Mortgage-lender Freddie Mac (FRE) successfully auctioned off $3 billion in debt yesterday. The government’s bailout has likely headed off a near-term liquidity crisis for Freddie and Fannie, but this still won’t help shareholders avoid getting clobbered. WSJ:
A closely watched auction of $3 billion in Freddie’s short-term debt drew more bids than usual. The company was able to sell its three- and six-month notes at lower-than-expected yields, which in turn helped keep its borrowing costs low. Some market participants said much of the demand for the auction appeared to come from banks and brokers, rather than conservative money-market funds that are traditionally large buyers of short-term debt.
The successful auction came on the heels the Treasury’s bailout plan, which promises to authorise the government purchase of GSE shares, as well as an expansion of credit lines. While the auction indicates that FRE will remain adequately capitalised in the short-term, equity investors remain concerned that both Freddie Mac and Fannie Mae will need a dilutive government-rescue package to remain affloat.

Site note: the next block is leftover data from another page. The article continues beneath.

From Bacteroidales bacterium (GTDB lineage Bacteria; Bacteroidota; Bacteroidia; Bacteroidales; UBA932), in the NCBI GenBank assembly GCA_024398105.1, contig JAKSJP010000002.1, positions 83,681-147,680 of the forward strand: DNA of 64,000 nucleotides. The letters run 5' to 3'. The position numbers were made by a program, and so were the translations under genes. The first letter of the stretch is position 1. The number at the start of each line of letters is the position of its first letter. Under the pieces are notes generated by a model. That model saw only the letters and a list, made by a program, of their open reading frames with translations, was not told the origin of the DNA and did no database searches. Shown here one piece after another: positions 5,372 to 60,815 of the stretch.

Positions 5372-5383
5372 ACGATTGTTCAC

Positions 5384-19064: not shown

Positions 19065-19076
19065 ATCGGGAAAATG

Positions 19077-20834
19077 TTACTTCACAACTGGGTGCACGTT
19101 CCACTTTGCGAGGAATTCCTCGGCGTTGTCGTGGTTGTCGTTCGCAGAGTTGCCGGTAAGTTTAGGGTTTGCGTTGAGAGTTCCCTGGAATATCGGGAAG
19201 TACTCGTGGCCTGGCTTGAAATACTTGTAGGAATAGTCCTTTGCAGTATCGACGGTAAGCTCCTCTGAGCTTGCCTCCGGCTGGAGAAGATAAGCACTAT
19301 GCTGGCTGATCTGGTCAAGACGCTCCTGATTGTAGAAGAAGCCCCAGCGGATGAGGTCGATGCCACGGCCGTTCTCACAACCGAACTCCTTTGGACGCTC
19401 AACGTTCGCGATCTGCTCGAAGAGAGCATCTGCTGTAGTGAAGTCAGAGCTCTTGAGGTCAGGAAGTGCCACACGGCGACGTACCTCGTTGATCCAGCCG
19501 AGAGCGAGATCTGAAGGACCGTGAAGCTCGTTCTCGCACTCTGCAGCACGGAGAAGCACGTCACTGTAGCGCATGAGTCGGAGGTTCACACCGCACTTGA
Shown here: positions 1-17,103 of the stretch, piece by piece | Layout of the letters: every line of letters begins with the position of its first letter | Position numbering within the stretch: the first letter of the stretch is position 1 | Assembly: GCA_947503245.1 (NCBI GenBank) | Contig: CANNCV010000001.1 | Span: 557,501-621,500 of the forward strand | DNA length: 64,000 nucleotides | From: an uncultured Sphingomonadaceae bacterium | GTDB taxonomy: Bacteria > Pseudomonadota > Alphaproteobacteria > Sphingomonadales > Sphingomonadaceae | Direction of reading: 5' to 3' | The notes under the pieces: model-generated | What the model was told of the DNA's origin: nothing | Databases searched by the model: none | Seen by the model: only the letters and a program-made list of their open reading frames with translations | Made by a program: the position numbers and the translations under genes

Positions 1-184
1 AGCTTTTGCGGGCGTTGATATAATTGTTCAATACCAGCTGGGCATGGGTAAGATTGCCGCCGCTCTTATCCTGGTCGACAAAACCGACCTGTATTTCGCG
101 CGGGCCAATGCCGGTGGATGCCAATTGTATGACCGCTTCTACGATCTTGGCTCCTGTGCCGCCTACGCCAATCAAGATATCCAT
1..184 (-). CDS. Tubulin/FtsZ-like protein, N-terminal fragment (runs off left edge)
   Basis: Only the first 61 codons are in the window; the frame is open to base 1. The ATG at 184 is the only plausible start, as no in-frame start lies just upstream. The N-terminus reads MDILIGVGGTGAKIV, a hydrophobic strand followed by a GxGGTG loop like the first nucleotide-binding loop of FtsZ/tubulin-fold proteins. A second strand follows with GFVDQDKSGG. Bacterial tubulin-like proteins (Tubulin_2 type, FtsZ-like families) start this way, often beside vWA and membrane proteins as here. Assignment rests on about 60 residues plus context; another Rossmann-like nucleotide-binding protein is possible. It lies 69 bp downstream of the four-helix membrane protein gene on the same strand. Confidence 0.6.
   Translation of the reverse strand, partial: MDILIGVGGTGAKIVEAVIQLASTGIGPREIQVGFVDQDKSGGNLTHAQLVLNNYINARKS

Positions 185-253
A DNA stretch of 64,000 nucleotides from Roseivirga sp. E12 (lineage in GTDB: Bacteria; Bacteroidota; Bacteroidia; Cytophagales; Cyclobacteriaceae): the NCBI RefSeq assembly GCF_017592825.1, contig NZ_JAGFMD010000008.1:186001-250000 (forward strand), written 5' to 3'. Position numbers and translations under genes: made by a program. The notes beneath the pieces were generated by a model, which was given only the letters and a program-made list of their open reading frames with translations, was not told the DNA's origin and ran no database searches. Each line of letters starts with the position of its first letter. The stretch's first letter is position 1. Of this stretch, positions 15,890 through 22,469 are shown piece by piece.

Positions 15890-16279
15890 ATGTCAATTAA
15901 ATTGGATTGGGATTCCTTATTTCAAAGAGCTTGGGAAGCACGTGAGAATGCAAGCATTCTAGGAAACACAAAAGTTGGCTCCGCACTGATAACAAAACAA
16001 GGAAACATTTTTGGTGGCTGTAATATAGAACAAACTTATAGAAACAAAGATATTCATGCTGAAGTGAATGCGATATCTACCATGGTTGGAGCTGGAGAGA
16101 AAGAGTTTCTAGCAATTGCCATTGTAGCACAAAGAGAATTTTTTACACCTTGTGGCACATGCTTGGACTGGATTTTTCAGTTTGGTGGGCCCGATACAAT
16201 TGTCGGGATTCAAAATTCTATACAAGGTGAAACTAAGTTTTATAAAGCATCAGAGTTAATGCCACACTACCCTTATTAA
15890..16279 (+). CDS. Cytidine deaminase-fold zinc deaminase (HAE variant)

Bond markets are happy, however, and the price of credit default swaps has narrowed by almost 50% since peaking last Thursday.